Texas peanut farmers thrown curveball with no fans attending sporting events


AUSTIN (Nexstar) — Navigating safe returns for professional sports leagues includes limited or no fans, and Texas peanut farmers are hoping to avoid striking out this season.

No fans at the ballpark means drops in sales for the staple crop — often sold in stadiums across all levels of sports.

Many growers, like Mason Becker in Brownfield, Texas, produce the type of peanut sold in ballparks, called Virginia peanuts.

“It’s a very beneficial crop for us,” Becker said, calling it “an American classic.”

The initial impact may not hurt farmers right away, Becker said, explaining that peanuts are typically contracted before they’re planted, but market instability moving forward could pose problems down the line.

west texas peanut farm
Mason Becker tends to his peanut crop in Terry County, Texas on Aug. 14, 2020. (Nexstar Photo/Dave Ewerz)

“Any time you take a considerable amount of the consumption off of the market, it will have an impact for sure,” Becker, of the Western Peanut Growers Association, said.

According to a representative from the Texas Farm Bureau, nearly 5.5 million bags of in-shell peanuts “are sitting in storage because the fans aren’t enjoying them at the game.”

“Texas peanut farmers count on that market every year,” Gary Joiner, Texas Farm Bureau communications director, said.

“Growers always want competition, always want bidders for the crops that they’re growing,” Joiner said. “And when you lose some traditional buyers every year, or in a one-year instance, like we are right now, sometimes it’s difficult to find where suitable homes are for those peanuts that are being grown.”

“Texas growers know the realities of the COVID-19 pandemic,” Joiner said. “I think they understand and respect the decision of the ballparks being closed. They’re going to make adjustments they’re going to try and find other uses for peanuts that would normally be in those ballparks.”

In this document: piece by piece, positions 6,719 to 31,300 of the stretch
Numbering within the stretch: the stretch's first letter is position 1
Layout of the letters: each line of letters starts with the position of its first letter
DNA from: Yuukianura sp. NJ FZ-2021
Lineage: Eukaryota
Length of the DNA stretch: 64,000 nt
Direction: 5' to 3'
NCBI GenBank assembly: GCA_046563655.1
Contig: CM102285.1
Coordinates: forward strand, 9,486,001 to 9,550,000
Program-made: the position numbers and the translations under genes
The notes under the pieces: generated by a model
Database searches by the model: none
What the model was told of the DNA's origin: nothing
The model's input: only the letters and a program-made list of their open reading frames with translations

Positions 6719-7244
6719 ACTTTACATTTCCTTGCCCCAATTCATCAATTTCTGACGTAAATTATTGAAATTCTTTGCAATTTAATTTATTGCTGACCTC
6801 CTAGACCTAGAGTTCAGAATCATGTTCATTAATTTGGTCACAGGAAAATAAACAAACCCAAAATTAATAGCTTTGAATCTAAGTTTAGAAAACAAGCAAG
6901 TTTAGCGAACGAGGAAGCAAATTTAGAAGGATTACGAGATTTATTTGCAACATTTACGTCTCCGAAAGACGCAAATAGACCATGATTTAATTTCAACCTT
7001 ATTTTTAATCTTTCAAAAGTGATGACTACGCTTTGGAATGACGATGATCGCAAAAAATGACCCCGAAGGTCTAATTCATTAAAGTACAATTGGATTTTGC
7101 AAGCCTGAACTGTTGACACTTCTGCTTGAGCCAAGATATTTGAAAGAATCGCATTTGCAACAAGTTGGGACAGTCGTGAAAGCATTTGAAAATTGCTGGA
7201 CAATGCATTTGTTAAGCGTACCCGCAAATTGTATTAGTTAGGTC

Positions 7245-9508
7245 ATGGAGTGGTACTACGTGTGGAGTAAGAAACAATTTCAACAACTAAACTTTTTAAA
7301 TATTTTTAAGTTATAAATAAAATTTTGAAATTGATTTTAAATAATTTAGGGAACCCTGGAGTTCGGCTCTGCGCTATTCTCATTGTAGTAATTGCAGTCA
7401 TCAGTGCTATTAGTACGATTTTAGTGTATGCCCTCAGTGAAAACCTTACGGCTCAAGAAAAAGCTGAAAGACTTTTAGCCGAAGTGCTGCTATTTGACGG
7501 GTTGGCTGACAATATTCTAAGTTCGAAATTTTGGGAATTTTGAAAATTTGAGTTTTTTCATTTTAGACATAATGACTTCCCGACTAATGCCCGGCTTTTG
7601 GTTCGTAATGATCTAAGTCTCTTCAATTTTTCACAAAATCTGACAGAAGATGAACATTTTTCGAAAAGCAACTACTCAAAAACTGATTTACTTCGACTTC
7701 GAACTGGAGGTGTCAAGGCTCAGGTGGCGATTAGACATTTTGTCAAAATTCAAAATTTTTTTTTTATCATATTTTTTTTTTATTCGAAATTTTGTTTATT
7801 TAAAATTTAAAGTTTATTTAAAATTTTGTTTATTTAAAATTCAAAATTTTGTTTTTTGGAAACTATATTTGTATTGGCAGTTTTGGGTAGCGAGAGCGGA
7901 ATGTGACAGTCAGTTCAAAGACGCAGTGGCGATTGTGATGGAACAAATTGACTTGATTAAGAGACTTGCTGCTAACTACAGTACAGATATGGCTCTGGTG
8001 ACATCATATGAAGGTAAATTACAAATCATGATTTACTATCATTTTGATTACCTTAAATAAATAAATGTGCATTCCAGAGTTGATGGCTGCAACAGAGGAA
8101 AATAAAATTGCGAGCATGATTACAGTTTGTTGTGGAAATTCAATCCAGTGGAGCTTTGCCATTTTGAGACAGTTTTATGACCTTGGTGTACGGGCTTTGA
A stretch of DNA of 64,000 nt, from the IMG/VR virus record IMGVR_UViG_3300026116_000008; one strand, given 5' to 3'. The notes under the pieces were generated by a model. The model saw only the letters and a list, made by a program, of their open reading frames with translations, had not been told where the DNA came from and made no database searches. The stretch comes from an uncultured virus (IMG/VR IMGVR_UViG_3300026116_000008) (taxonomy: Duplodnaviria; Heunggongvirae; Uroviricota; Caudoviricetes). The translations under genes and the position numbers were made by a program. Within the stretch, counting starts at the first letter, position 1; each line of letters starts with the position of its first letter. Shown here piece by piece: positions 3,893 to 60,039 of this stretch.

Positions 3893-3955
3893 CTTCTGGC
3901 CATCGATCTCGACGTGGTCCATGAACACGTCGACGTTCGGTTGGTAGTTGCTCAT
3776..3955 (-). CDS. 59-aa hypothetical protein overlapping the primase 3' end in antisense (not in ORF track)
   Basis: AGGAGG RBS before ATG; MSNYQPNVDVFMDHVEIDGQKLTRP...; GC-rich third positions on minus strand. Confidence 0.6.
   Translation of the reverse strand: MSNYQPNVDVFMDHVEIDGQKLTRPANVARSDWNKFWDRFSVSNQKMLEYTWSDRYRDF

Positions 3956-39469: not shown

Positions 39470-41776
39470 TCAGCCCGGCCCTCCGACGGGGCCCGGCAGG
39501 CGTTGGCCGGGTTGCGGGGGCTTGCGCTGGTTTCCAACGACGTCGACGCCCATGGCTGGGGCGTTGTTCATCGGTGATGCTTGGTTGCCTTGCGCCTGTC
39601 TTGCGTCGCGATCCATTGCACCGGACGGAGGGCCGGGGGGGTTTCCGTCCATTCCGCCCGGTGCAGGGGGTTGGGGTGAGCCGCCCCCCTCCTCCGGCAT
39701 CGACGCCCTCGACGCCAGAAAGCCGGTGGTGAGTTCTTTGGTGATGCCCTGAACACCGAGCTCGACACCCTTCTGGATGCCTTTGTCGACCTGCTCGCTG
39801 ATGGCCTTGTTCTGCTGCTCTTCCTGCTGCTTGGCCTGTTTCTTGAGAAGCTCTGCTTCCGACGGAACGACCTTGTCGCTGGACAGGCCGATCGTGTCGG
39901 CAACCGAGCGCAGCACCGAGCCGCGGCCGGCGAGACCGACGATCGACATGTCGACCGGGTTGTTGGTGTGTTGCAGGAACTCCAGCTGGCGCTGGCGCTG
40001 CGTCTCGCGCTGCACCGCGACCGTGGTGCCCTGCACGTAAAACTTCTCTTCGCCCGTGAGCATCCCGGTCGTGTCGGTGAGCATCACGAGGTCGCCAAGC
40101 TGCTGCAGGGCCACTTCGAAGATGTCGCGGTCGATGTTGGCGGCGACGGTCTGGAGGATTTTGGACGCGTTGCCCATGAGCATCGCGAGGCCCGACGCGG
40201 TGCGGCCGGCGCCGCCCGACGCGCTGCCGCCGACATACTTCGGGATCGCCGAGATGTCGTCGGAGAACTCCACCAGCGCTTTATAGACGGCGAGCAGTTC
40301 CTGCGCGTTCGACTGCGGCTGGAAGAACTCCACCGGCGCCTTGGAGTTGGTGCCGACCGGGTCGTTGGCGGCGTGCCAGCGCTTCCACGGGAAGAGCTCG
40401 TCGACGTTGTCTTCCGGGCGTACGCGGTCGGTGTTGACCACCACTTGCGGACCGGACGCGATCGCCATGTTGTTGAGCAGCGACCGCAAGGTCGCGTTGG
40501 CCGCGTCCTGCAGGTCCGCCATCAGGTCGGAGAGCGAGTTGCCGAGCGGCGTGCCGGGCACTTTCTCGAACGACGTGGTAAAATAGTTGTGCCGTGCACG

Joiner said this year’s pinch-hitter may come in the form of peanut butter — which Americans bought in droves as the pandemic materialized. Sales in March of this year were up 75% compared to March 2019.

“Peanut butter really became a go-to staple for a lot of families, and that helped Texas peanut farmers recover from some other markets that just weren’t there this year,” Joiner explained.

Becker’s message to consumers is to buy local, and buy Texas products, when possible.

“If you’re buying peanut butter, you know, try to buy peanut butter that’s from Texas or try to, you know, support Texas farmers because we are making a living, not only for our families, but the families of our employees depend on what we grow,” he shared.

Becker’s peanut crop costs about $900 per acre to grow, he said.

“In a year like this, I’m hoping to break even,” he said. “So if you multiply that over hundreds or thousands of acres, it’s a lot of money, a lot of money.”

To spend that kind of money and hope to break even year after year is a “tough deal” for Becker. Joiner said the ability of farmers to roll with the punches will help some survive.

“They’re having to secure markets for crops and for products that traditionally aren’t that difficult to find — now they may be,” Joiner explained. “It’s creative, they’re resilient, they’re doing their best, but it’s difficult right now — not easy, by any means.”

Beyond peanuts, other Texas commodities face similar challenges during the pandemic, particularly when it comes to planning for future planting.

“Think about looking forward: What should you plan for? What could you count on in terms of planning commitment? What is it that you can expect? Those are questions right now that are very difficult to answer in agriculture,” Joiner said.

“So much of agriculture right now is searching for that new normal,” Joiner said. “What was always expected year after year is not happening right now, including peanuts, including a lot of Texas commodities — they’re having to find new ways of doing business.”

Adding on to the regular unpredictability of agriculture, farmers face tough decisions this year in particular, with global markets offering considerable uncertainty due to the pandemic.

“This is my 11th crop, and since I’ve been farming, it seems like it’s just more and more difficult, things get more expensive and our commodity prices stay the same or go down and it hits increasingly harder to stay in business,” Becker said.

Photojournalist Dave Ewerz contributed to this report.

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April 22 2021 09:00 am